Turn the pages of any paper covering foreign policy and it is easy to become depressed about the state of the world: massacres in Darfur, quagmire in Iraq, setbacks in Afghanistan, nuclear ambitions in Iran, a nuclear armed North Korea, recurring terrorist threats around the world, continued Palestinian/Israeli conflict, war in Somalia. The list goes on.
I am not going to cover any of these conflicts explaining why they are going to get better (in many cases they won’t) or why we are fighting an effective war against terrorists (we’re not). At the same time, I don’t want to lessen the importance of the threat from militant Islam – the war against terrorism must and will be won – but I want to show how relative it is.
From the perspective of the 1950s and 1960s, the world we live in today would appear improbably peaceful. Take yourself back to a time where two thirds of the world was under communist control. Dictatorships outnumbered democracies. The cold war was raging. The threat of global thermonuclear war was very real and possible. Stalin and Mao ruled over the Soviet Union and China overseeing the killing of tens of millions of people. Pol Pot and his Khmer Rouge were massacring 2 million people in Cambodia. The U.S. fought bloody wars in Korea and Vietnam. Misguided economic policies were keeping billions in poverty.
Today, Eastern Europe and Latin America have become mostly democratic. China has become one of the most capitalist countries of the world taking hundreds of millions of people out of poverty. Globalization is spreading wealth around the world and global GDP has grown as fast in the past 5 years as it ever has in the past 50 years! The risk of thermonuclear destruction is a distant memory.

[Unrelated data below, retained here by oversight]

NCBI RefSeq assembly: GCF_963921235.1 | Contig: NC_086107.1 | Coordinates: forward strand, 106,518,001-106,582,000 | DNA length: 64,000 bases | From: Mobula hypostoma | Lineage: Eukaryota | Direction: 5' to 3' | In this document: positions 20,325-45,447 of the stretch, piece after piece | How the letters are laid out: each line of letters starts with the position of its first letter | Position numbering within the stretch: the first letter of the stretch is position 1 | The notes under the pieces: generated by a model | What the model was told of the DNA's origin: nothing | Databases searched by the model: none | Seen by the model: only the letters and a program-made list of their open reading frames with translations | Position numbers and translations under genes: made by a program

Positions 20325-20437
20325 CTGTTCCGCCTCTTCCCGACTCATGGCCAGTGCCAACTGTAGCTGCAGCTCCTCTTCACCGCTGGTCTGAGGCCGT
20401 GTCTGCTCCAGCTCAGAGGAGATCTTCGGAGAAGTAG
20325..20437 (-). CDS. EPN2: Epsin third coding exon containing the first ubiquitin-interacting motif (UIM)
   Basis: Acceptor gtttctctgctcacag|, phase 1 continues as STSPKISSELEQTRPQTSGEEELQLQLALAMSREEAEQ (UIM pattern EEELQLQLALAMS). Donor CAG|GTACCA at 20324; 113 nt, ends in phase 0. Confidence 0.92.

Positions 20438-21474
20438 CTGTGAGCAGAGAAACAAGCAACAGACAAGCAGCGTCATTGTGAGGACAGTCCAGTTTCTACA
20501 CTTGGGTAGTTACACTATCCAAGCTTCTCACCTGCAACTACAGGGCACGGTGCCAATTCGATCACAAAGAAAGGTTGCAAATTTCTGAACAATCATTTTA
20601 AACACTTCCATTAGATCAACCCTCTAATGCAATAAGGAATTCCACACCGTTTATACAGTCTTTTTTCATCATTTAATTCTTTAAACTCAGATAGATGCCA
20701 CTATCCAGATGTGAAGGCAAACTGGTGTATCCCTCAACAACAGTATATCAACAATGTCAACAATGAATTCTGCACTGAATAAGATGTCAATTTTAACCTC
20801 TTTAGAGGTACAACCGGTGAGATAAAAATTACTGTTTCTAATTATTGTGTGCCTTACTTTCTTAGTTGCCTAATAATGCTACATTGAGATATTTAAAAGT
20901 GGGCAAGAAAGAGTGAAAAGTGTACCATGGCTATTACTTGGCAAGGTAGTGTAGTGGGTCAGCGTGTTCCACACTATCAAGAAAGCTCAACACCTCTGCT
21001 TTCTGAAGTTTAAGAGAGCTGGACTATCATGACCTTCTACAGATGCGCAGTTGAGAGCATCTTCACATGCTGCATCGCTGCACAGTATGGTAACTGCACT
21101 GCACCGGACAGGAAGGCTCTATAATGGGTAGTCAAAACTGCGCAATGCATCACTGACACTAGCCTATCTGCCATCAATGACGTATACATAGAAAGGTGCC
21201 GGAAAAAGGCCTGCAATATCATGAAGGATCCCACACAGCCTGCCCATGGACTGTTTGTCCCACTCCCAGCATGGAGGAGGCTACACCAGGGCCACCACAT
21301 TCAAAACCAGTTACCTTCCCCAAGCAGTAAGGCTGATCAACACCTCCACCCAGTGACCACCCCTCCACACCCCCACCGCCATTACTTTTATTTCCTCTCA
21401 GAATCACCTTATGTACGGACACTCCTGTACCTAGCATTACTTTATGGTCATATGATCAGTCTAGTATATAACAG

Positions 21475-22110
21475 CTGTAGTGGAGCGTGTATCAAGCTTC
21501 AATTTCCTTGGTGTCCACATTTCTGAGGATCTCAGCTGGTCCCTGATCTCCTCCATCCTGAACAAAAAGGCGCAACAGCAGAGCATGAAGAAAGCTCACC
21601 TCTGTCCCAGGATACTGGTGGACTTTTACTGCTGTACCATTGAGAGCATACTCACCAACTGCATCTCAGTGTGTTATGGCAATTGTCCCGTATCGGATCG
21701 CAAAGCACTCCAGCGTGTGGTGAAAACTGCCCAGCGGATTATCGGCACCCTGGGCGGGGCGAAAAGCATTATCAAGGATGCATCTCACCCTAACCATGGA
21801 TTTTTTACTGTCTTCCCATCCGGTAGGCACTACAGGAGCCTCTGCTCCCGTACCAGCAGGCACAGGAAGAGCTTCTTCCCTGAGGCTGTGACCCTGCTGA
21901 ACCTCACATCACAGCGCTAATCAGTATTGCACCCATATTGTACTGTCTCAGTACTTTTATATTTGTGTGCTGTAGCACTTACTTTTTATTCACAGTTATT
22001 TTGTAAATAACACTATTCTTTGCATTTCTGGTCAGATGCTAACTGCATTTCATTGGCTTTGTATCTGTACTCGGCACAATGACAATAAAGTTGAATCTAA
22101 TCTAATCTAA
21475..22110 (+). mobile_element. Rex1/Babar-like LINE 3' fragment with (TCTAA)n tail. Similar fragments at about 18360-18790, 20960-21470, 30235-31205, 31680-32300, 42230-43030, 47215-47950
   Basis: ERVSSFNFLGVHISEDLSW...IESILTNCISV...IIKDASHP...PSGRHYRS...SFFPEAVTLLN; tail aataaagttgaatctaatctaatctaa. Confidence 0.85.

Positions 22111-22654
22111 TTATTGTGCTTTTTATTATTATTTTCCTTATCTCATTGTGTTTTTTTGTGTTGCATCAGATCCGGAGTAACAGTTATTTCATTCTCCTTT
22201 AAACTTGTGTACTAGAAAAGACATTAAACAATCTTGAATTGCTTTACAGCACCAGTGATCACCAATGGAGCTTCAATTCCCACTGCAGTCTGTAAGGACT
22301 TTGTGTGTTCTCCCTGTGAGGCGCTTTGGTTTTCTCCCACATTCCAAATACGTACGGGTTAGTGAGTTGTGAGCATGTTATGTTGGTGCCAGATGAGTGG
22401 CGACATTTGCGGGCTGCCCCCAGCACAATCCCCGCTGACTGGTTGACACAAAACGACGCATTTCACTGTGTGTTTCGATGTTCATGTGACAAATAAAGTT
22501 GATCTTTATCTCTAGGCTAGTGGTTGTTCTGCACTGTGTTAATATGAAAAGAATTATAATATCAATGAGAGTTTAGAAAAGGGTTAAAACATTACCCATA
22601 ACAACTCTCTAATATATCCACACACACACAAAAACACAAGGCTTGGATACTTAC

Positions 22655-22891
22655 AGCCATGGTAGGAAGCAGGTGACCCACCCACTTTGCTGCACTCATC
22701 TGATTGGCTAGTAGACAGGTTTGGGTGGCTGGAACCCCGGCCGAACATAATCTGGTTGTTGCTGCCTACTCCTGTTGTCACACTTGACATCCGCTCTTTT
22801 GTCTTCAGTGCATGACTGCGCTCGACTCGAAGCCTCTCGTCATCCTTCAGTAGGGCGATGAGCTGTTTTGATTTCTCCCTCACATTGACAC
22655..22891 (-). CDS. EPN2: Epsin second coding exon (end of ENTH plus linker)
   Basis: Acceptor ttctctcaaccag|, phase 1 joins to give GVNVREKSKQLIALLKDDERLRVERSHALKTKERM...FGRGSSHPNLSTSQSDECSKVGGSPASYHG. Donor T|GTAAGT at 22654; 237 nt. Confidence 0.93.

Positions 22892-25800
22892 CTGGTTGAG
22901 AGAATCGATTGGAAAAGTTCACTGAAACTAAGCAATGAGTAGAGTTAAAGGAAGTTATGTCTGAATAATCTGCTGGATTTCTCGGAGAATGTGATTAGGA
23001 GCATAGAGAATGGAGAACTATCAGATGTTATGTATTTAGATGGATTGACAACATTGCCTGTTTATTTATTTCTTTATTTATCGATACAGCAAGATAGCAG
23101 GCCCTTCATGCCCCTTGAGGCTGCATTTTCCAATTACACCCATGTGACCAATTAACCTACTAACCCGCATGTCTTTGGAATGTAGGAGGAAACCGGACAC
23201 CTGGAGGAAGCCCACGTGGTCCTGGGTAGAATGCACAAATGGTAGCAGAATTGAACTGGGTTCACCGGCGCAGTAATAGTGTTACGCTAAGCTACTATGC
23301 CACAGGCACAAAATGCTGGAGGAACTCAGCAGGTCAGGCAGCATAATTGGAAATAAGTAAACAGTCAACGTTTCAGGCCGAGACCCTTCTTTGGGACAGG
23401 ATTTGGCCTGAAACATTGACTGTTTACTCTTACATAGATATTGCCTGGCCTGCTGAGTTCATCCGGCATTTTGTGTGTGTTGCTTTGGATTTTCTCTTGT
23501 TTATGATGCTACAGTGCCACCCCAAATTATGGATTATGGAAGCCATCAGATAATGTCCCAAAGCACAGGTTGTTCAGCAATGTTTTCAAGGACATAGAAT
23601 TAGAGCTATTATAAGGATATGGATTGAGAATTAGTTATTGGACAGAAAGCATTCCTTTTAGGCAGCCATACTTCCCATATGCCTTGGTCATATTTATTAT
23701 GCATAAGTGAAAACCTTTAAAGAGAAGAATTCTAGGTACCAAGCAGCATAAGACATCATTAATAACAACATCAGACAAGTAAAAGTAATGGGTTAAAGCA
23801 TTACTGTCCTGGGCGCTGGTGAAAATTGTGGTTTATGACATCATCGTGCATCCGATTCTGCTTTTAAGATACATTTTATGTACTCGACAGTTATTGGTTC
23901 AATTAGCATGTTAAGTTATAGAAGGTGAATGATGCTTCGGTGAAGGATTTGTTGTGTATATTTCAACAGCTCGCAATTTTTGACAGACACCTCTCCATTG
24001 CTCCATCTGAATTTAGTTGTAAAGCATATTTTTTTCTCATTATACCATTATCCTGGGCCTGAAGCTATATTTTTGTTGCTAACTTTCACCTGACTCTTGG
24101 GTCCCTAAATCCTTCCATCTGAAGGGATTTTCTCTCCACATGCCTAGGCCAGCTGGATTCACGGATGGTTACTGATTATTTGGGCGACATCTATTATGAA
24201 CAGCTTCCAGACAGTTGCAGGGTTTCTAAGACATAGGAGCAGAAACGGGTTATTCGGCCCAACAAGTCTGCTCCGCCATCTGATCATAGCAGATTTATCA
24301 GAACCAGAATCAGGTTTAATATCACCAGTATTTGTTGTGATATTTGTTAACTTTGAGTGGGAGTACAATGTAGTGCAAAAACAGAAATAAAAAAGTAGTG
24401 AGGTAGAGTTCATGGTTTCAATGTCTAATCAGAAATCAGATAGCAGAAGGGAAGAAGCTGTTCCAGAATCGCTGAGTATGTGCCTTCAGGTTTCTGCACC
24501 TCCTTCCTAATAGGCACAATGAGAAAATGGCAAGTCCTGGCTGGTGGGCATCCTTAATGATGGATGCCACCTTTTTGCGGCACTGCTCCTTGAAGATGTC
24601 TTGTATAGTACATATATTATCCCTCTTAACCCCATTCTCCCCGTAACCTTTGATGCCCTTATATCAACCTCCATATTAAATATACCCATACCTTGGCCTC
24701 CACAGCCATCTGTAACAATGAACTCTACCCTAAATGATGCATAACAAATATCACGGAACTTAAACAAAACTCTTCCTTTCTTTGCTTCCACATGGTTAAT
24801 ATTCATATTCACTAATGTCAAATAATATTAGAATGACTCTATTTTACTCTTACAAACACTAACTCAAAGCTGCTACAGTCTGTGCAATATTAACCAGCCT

We are still at war against enemies of change and progress, but for the most part, the debate is verbal. The biggest military threat is no longer coming from state actors, but from supra-national organizations with somewhat amorphous aims. As a result, the current military operations are mostly counter-insurgency operations (though we are not necessarily operating as such). It should also be mentioned that the stakes are lower: the very survival of “western civilization” is not at stake!
For all that, I am an optimist. We live in a much better world that we did 50 years ago. The forces of wealth, progress, science and reason are inexorably advancing around the world. There are and will be setbacks, but once people have had a taste of the empowerment brought by capitalism, freedom and science, there is no turning back. They will fight to get access to the forbidden fruit of hope, ambition and dreams and will thus make the world a better place.
To a better tomorrow!